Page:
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TO AMEND THE SERVICE CONTRACT ACT OF 1965
FRIDAY, APRIL 2, 1971
HOUSE OF REPRESENTATIVES,
Washington, D.C. The special subcommittee met at 10 a.m., pursuant to recess, in room 2261, Rayburn House Office Building, Hon. Frank Thompson, Jr., (chairman of the subcommittee) presiding.
Present: Representatives Thompson, O'Hara and Dellenback. Staff members present: Hugh G. Duffy, counsel; Jeunesse M. Beaumont, clerk; and Michael J. Bernstein, minority counsel for labor.
Mr. THOMPSON. The subcommittee will be in order for further hearings on legislation to amend the Service Contract Act of 1965.
We have a number of witnesses who have some very important things to say, and we want, if possible, to hear everyone. I would suggest that long statements be submitted for printing in the record in full, and orally summarized by the witness so that we will have enough time to ask questions.
Our first witness today is Mr. Chester W. Parrish, President, National Federation of Post Office Motor Vehicle Employees (AFLCIO), who is accompanied by Leon S. Hawkins, national secretarytreasurer. Good morning, gentlemen. I am sorry we did not get to you yesterday. STATEMENT OF CHESTER W. PARRISH, PRESIDENT, NATIONAL
FEDERATION OF POST OFFICE MOTOR VEHICLE EMPLOYEES (AFL-CIO); ACCOMPANIED BY LEON S. HAWKINS, NATIONAL SECRETARY-TREASURER, NATIONAL FEDERATION OF POST OFFICE MOTOR VEHICLE EMPLOYEES Mr. PARRISH. That is all right, Mr. Chairman, and we appreciate the opportunity to appear before the committee this morning.
I heard your remarks about the number of witnesses to testify. If it will expedite the hearings, we will not read our testimony since it has been submitted and summarize briefly what we have said and then give an opportunity to the committee to ask us now any questions you may have.
(The document referred to follows:)
STATEMENT OF CHESTER W. PARRISH, PRESIDENT OF THE NATIONAL FEDERATION OF
Post OFFICE MOTOR VEHICLE EMPLOYEES, AFL-CIO Mr. Chairman and members of the Subcommittee, My name is Chester W. Parrish, President of the National Federation of Post Office Motor Vehicle
Employees, AFL-CIO, and I am accompanied today by Mr. Leon S. Hawkins, our National Secretary-Treasurer. Our National Headquarters is located at 412 Fifth Street, N. W., Washington, D.C.
Our Organization has National Exclusive Recognition for the Motor Vehicle Craft, and is the sole bargaining representative for all Motor Vehicle employees under the terms of the National Agreement with the Post Office Department.
We were organized in 1924 and have maintained an office in Washington, D.C., with full-time representation since 1941!
Our membership is composed of various classifications in both the Operations and the Maintenance Divisions of the Motor Vehicle Service.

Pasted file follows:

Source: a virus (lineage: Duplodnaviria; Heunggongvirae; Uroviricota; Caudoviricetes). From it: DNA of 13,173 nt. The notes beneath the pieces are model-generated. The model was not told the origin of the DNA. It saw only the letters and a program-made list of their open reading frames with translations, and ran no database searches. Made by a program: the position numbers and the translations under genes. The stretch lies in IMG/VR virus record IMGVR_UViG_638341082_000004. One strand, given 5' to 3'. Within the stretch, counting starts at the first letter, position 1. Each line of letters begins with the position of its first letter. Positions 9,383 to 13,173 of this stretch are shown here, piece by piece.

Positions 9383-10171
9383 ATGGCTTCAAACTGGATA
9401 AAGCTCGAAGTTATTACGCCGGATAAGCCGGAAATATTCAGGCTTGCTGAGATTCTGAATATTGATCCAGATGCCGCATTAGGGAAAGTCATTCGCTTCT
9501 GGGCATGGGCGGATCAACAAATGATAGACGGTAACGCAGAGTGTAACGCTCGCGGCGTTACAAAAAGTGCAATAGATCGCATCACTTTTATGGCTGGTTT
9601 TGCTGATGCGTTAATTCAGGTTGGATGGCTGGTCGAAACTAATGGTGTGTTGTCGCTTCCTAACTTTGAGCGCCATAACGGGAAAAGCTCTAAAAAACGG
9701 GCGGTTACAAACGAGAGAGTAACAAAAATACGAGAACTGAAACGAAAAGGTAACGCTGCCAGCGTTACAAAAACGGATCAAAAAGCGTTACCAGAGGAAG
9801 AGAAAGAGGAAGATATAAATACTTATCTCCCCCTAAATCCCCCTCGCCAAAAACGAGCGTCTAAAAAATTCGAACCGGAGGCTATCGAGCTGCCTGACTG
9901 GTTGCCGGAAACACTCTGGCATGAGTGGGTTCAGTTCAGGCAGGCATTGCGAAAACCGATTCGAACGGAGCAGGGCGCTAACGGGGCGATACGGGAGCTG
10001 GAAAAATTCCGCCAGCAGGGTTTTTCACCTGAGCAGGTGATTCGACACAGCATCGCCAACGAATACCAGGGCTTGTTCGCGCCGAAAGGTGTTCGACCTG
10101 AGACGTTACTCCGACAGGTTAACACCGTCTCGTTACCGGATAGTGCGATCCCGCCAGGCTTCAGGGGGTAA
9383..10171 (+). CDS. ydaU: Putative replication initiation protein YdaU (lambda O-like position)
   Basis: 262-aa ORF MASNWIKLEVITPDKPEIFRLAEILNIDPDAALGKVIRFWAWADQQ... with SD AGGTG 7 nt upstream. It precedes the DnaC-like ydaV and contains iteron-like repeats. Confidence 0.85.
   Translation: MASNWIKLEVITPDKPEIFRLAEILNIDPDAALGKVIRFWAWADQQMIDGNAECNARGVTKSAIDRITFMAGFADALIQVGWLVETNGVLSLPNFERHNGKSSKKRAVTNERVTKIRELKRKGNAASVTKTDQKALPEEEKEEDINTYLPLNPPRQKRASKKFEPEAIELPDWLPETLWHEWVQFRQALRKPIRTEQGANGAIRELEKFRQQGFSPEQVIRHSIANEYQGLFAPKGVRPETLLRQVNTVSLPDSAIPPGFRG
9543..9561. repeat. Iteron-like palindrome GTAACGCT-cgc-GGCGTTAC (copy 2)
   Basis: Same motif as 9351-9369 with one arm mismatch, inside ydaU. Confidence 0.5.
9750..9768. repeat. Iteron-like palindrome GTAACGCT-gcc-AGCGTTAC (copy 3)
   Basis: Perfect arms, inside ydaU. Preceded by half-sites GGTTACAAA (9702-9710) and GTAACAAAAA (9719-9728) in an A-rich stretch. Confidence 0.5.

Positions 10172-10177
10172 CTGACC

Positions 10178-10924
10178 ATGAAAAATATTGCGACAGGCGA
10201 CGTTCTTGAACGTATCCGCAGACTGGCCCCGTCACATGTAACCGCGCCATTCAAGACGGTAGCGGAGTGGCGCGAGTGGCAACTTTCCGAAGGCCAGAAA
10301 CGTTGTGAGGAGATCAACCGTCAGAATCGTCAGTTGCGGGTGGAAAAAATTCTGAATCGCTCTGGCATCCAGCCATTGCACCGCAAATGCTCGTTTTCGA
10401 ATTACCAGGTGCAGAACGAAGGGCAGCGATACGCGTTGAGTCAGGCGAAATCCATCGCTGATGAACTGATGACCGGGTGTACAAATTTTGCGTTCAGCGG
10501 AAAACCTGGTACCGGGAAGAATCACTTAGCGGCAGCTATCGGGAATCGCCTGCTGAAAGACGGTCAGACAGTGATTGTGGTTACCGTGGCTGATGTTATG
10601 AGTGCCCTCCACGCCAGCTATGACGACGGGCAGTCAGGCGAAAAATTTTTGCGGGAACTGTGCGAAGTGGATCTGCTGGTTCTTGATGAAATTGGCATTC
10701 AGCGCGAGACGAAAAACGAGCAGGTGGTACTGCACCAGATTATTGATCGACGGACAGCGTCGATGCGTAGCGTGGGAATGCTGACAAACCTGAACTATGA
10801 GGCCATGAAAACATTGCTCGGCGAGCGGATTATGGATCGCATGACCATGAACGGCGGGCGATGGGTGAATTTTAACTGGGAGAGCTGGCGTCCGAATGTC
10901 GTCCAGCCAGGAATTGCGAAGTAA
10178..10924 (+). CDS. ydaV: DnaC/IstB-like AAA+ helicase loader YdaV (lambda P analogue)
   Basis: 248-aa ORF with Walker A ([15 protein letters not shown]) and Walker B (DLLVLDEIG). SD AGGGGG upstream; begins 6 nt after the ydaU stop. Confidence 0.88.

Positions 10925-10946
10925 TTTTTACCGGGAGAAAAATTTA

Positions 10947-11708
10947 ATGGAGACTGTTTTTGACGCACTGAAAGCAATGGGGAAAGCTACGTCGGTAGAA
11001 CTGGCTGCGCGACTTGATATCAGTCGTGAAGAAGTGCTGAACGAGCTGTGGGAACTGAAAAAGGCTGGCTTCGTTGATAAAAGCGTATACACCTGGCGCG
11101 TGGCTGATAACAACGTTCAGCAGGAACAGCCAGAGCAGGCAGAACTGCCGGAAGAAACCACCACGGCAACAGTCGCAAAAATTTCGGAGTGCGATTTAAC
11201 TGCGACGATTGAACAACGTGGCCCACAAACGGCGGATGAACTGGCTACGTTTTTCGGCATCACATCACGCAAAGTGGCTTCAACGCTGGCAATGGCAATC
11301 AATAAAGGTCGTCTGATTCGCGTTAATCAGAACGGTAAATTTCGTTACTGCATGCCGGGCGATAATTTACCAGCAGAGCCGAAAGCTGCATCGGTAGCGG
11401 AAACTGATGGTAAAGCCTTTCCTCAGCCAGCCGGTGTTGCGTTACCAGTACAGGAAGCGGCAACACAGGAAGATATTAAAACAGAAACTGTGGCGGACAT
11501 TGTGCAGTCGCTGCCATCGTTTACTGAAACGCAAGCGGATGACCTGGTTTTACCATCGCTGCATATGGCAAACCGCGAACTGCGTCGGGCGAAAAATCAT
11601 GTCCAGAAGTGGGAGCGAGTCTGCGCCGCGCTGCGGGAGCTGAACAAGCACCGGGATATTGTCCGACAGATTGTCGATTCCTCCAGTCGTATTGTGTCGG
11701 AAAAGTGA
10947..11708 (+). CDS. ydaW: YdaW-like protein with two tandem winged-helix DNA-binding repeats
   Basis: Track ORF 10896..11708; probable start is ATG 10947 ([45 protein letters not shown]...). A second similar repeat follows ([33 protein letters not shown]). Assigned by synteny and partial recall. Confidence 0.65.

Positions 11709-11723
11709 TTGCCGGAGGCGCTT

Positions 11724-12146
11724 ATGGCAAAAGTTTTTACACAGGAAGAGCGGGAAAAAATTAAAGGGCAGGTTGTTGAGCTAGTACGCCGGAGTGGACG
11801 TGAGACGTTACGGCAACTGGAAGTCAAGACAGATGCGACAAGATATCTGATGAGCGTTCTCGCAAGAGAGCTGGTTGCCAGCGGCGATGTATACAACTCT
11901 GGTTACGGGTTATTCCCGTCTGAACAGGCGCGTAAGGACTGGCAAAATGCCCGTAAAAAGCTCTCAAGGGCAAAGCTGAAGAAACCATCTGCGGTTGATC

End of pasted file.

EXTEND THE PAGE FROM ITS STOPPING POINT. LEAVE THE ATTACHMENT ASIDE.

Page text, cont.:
We appreciate very much the opportunity to appear before this Committee, today, and to have the opportunity of giving our opinions on the Service Contract Act.
I received a letter from Mr. Robert D. Moran, Administrator for place standards of the Labor Department on March 1, 1971 advising our Union that the General Accounting Office had made a survey of the Service Contract Act, Wage Determination Program, and that on August 31, 1970, this team submitted a preliminary report dealing specifically with wage determinations issued for Postal Service Mail Haul Contracts. In this report the GAO recommended that such wage determinations be based on wage rates and fringe benefits paid to mail-haul-drivers as a separate class rather than on wage rates and fringe benefits paid to truck drivers generally.
He went further to say that the Postal Service supports this approach and that they had received, through GAO, a copy of a letter dated December 28, 1970, from Postmaster General Winton M. Blount, to this effect. He went on to say that this matter had been carefully reviewed, taking into account the views of the GAO and the Postmaster General, and it had been decided to revise their procedures for issuing Service Contract wage determinations and to treat as a separate class all mail-haul-drivers and other truck drivers engaged in performing duties similar to those performed by drivers on mail-haul-contracts.
Mr. Chairman and Members of the Sub-Committee, as the President of the National Federation of Post Office Motor Vehicle Employees, we have checked into the decision made by the Labor Department and the General Accounting Office in their determination to change the method of wage determinations for contractors engaged in mail-haul contracts.
We consider this determination by the Labor Department as nothing but another means through which the contractors would be permitted to pay their employees less than employees doing like-work in a given area. We were very pleased and happy in 1965 when the McNamara-O'Hara Service Contract act was passed by Congress and signed by the President of the United States, now known as Public Law 89-286. After this Law was enacted our Union had many meetings with the Labor Department in working out the system as to how age determinations could be made for people doing like-work, such as Postal employees, in hauling the U.S. Mail. The Labor Department did make many wage determinations as a result of these meetings, however, on April 22, 1967, there was a notice published in the Federal Register by the Labor Department to withdraw 58 wage and fringe benefit determinations decided earlier, under the revisions of the McNamara-O'Hara Service Contract Act of 1965, with respect to Star Route Contracts.